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A History of Rome to 565 A. D. by Boak

A young chieftain of the Cherusci


Until

the last year of the war in Illyricum the Germanic tribes had remained quiet under Roman overlordship. But in 9 A. D., provoked by the attempt of the new Roman commander, Publius Quinctilius Varus, to subject them to stricter control, they united to free themselves from foreign rule. In the coalition the Cherusci and Chatti were the chief peoples, and Arminius, a young chieftain of the Cherusci, was its leading spirit. Varus and his army of three legions were surprised on the march in the Teutoberg Forest and completely annihilated. Rome was in panic over the news, but the Germans did not follow up their initial success. Tiberius was again sent to the post of danger and vindicated the honor of Rome by two successful expeditions across the Rhine. But no attempt was made to recover permanently the lost ground. The frontier of the Elbe was given up for that of the Rhine with momentous consequences for the future of the empire and of Europe. The coast peoples, however, remained Roman allies and a narrow strip of territory was held on the right bank of the Rhine. The reason lay in the weakness of the Roman military organization, caused by the strain of the Illyrian revolt and the difficulty of finding recruits for the Roman legions among the Italians. The cry of Augustus, "Quinctilius Varus, give back my legions," gives the clue to his abandonment of Germany.

*The eastern frontier.* In the East alone was Rome confronted by a power which was in any

way a match for her military strength and which had disastrously defeated two Roman invasions. The conquest of this, the Parthian kingdom, appeared to Augustus to offer no compensation comparable to the exertions it would entail and therefore he determined to rest content with such a reassertion of Roman supremacy in the Near East as would wipe out the shame of the defeats of Crassus and Antony and guarantee Roman territory from Parthian attack. He was prepared to accept the natural frontier of the Euphrates as the eastern boundary of Roman territory. Between the Roman provinces in Asia Minor and the upper Euphrates lay a number of client kingdoms, Galatia, Pontus, Cappadocia and Lesser Armenia, and Commagene. At the death of Amyntas, king of Galatia, in 25 B. C., his kingdom was made into a province, but the others were left under their native dynasts. Across the Euphrates lay Armenia, a buffer state between the Roman possessions and Parthia, which was of strategic importance because it commanded the military routes between Asia Minor and the heart of the Parthian country. To establish a protectorate over Armenia was therefore the ambition of both Rome and Parthia. During the presence of Augustus in the East (22-19 B. C.), Tiberius placed a Roman nominee on the Armenian throne, and received from the Parthian king, Phraates IV, the Roman standards and captives in Parthian hands, a success which earned Augustus the salutation of _imperator_ from his troops. Later Phraates sent four of his sons as hostages to Rome. But the Roman protectorate over Armenia was by no means permanent; its supporters had soon to give way to the Parthian party. Gaius Caesar between 1 B. C. and 2 A. D. restored Roman influence, but again the Parthians got the upper hand and held it until 9 A. D., when Phraates was overthrown and was succeeded by one of his sons whom Augustus sent from Rome at the request of the Parthians.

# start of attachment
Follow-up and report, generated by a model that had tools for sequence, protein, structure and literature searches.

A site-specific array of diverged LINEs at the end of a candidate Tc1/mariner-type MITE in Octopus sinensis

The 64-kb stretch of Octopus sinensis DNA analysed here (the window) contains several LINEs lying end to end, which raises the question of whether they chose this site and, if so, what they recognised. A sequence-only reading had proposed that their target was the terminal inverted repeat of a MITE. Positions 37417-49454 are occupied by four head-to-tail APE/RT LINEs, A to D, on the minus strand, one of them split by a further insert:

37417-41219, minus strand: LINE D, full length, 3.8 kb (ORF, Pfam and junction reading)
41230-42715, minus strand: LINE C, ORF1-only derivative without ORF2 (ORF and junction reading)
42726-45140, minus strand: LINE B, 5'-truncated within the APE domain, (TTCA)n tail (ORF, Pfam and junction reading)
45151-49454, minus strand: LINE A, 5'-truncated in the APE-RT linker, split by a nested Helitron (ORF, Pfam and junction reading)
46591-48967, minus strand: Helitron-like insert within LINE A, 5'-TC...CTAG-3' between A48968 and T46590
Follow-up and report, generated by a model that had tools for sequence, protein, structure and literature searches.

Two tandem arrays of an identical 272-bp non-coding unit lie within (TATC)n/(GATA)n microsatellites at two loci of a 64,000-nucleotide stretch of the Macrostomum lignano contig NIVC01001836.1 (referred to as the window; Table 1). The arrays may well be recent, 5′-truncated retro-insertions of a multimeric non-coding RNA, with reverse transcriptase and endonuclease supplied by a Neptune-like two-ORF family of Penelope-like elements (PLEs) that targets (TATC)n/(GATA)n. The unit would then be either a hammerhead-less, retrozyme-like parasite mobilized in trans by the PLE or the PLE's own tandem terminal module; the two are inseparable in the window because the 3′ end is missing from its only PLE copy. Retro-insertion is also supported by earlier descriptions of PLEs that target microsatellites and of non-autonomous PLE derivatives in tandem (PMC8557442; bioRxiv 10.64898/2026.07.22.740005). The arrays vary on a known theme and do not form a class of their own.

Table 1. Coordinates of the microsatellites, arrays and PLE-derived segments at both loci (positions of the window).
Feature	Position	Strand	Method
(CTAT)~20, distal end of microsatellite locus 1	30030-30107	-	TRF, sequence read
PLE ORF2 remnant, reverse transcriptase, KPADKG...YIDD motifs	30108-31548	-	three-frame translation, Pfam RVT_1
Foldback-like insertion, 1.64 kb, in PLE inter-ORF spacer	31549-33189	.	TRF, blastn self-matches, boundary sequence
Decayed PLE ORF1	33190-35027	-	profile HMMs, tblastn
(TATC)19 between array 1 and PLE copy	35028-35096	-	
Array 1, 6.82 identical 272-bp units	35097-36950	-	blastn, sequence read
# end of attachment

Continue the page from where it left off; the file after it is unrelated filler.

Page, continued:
*Judaea and Arabia.* To the south of the Roman province of Syria lay the kingdom of Judaea, ruled by Herod until his death in 4 B. C., when it was divided among his sons. Subsequently Judaea proper was made a province administered by a Roman procurator. To the east of the Dead Sea was the kingdom of the Nabataean Arabs, who controlled the caravan routes of the Arabian peninsula and who were firm Roman allies. With their aid a Roman army under Aelius Gallus in 25 B. C. sought to penetrate into the rich spice land of Arabia Felix, but suffered such losses in its march across the desert that it was forced to return without effecting a conquest. At the same time Gaius Petronius defeated the Ethiopians under Queen Candace and secured the southern frontier of Egypt. Through the ports of Egypt on the Red Sea a brisk trade developed with India, from which distant land embassies on various occasions came to Augustus. Further west in Africa, Augustus added the kingdom of Numidia to the province of Africa, and transferred its ruler, Juba II, whose wife was Cleopatra, daughter of Antony the triumvir, to the kingdom of Mauretania (25 B. C.).


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